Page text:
The student news of St. Paul Academy and Summit School

The Rubicon

The student news of St. Paul Academy and Summit School

The Rubicon

The student news of St. Paul Academy and Summit School

The Rubicon

[WHAT’S IN A NAME?] The art of choosing a brand name

Greyson Sale
REPUTABLE BRANDS. Brands like North Face, Lululemon and Stanley have garnered lasting reputations that make people want to buy their products.

Apple, Amazon, Alphabet, Netflix, Uber, Spotify, Instagram, Snapchat, Band-Aid, Kleenex, Coca-Cola, Ford, Science Alliance, Nuclear Club… naming is an extremely important part of branding and marketing. More than just being catchy, although that’s important too, the names of favorite companies and groups probably had more thought put into them than one might think. From taking advantage of alphabetical order to capturing the product or service within a name, brand-naming is a science.

There are several key factors to consider when choosing a brand name. First, it should be simple; all of the best brand names are relatively minimalistic. Second, it should be memorable; something striking and casual at the same time that will stick with people. Finally, and perhaps the most challenging, a good brand name invokes positive emotions. This one can be hard to explain, but think of a popular company… does their name feel trustworthy? Supportive? Maybe even cheery? How a name will draw upon emotions is something heavily considered when names are chosen.

Sophomore Malcolm Adams echoed many of these components when considering what makes a good brand name. Adams favors more simple brand names. “To be honest, I think simplicity is really important. […] For example, with SPA clubs like Stock Market Club or Science Alliance, it’s just important that people know what it actually is just from the name. But for big companies, as long as it’s short and easy to remember, then that’s a good name,” Adams said.

However, even when taking all of these strategies into account, there is no right or wrong way to go about choosing a name. Branding and marketing is a holistic process. More than just picking a name, brands have to build a reputation and constantly advertise to maintain relevance. Once a name has garnered some clout, though, experts say, in most cases, it is best to stick with it. Still, sometimes renaming can be good or even necessary. One example of this is the Washington Commanders football team. Originally named the Washington Redskins, the D.C.-based franchise was renamed Washington Football Team in 2020 and then Washington Commanders in 2022, due to the derogatory connotations of “Redskins.” Even so, controversy did arise from longstanding fans who felt that the history and tradition of the team was being violated.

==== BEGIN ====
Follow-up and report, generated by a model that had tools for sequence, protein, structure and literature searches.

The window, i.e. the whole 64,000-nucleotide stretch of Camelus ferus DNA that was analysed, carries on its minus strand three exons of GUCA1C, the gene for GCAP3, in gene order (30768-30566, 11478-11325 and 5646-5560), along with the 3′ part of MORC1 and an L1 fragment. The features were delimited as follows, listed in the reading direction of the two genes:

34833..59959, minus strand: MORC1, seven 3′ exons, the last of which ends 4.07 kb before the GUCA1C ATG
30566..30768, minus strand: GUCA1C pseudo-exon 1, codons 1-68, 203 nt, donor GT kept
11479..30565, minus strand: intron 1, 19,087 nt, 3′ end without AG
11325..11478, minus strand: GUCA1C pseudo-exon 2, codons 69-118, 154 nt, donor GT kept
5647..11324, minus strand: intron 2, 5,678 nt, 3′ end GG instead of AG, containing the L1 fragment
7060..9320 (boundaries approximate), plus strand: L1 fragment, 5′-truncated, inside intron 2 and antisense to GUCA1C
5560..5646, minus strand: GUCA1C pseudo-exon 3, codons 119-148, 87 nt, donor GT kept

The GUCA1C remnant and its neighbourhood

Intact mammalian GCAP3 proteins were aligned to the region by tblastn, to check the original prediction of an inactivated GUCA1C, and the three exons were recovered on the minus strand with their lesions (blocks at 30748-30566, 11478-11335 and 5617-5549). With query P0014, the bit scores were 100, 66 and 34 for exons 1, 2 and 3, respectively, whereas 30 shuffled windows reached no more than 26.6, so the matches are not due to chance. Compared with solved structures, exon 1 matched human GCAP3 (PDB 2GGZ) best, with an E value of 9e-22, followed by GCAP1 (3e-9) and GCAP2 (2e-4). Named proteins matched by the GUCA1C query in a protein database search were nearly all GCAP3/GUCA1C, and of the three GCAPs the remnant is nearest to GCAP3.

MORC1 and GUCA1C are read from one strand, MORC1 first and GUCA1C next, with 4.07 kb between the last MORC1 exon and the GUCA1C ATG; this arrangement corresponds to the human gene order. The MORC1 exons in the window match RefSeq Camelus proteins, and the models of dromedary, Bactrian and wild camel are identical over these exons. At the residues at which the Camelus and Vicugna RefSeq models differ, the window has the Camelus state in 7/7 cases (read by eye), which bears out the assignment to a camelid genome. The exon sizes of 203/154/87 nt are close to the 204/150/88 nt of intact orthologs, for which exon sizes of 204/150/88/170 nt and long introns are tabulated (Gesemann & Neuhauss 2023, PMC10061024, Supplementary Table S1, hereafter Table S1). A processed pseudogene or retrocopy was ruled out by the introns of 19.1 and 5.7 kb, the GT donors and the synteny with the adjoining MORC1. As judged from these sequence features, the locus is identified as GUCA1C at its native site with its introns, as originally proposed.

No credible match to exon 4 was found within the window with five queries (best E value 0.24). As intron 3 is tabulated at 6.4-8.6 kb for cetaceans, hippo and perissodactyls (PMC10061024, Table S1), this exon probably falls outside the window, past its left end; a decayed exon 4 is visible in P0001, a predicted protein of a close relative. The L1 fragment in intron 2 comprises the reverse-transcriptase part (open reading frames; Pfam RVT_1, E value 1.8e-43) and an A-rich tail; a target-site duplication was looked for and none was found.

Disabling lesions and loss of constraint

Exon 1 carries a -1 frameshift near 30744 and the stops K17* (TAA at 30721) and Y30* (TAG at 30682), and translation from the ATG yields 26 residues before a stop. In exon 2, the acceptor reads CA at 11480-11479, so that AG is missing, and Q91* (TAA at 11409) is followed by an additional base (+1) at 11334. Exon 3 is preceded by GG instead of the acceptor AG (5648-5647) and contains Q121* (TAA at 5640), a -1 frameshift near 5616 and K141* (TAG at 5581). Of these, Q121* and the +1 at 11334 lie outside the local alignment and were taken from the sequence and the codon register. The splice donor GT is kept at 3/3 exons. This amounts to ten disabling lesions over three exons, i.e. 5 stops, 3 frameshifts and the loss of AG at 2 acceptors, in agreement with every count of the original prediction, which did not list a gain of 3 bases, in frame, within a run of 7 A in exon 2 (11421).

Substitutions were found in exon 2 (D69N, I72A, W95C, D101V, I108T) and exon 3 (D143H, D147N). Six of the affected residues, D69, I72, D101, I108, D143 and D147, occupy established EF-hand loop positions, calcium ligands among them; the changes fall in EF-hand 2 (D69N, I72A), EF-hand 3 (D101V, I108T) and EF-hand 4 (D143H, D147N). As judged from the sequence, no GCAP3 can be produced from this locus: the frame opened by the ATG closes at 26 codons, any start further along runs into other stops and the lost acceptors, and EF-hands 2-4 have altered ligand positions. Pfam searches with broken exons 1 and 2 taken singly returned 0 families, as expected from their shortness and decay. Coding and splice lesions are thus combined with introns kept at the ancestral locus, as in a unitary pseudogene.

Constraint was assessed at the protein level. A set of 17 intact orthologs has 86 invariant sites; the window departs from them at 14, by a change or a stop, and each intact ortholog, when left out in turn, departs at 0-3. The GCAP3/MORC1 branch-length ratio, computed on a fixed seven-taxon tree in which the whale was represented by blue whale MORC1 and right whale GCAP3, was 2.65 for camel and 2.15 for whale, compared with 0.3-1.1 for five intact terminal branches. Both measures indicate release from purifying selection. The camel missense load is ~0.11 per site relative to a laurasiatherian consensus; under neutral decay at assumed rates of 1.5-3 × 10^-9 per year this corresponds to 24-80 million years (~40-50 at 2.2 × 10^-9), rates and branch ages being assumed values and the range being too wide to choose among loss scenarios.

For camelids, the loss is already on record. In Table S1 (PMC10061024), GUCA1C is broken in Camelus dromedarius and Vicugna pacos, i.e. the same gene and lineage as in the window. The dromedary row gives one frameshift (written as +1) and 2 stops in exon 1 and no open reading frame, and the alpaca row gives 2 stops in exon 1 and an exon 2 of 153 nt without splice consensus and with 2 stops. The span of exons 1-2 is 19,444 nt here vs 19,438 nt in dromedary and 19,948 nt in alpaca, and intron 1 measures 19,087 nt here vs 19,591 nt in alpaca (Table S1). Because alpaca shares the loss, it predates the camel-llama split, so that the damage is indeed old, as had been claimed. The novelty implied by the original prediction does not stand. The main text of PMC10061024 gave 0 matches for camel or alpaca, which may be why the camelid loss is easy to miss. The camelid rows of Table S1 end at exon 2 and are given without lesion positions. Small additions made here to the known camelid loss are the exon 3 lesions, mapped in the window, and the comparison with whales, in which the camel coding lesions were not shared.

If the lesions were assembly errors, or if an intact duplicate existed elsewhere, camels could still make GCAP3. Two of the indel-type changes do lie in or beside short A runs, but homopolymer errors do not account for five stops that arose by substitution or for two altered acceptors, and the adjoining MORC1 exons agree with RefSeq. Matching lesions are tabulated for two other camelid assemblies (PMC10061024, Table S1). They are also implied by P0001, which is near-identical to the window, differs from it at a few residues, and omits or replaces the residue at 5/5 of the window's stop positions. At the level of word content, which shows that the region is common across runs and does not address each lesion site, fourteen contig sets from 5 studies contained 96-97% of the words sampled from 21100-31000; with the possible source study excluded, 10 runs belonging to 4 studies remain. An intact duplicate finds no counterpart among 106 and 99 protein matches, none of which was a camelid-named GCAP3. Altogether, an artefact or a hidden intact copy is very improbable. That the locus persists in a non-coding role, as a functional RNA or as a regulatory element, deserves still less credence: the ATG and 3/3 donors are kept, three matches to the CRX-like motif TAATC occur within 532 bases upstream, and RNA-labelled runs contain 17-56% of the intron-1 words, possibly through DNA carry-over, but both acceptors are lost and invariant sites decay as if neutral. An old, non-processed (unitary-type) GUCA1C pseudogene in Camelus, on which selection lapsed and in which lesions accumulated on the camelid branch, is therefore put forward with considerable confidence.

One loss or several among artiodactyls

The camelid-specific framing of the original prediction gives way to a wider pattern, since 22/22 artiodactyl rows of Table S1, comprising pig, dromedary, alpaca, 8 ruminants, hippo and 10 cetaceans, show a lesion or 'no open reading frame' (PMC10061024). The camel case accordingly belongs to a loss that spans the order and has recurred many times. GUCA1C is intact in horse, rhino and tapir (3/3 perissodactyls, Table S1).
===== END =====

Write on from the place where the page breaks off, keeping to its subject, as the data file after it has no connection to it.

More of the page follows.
It’s kind of crazy how much value is attached to brand names. Just because it says Nike or whatever on it, everybody wants it, and they only grow in popularity as more people buy the stuff.

— Oliver Thompson

Namesake and legacy are everything in many of the most successful organizations, from the local level, to worldwide. Take the world of fashion, for example: Nike, Adidas, Lululemon, Gucci— what would these brands be without their names? When people buy clothes from these companies, they do so because they have a reputation that precedes them. Whether this reputation is one of comfort or trendiness or it’s just to flaunt the latest Jordans or a Supreme hoodie, this reputation would not exist without the name.

Junior Oliver Thompson thinks that brand names are a huge part of commercialism. “It’s kind of crazy how much value is attached to brand names. Just because it says Nike or whatever on it, everybody wants it, and they only grow in popularity as more people buy the stuff,” Thompson said.

One of the best demonstrations of the value names hold in marketing is with X (Twitter). Since Elon Musk’s rebranding of Twitter to X, the social media platform has seen a 30% decline in the number of people actively tweeting and has lost around 32 million users. Just imagine the repercussions if other companies attempted similar rebrandings— it rarely works.

In the world of marketing, names are of the utmost importance. So, pay more attention to brand names, and consider the influence that names can have when picking a name for a brand or a club. More than anything else, names are what people remember.

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About the Contributor
Greyson Sale
Greyson Sale, News editor
Hi, I’m Greyson Sale (he/him). I work as a News Editor for the Rubicon Online, and this is my second year on staff. At school, I run track and am a member of the Sophomore Class Leadership Council and the Stock Market Club. Outside of school, I love rock climbing and get to compete all over the country. I can be reached at [email protected].

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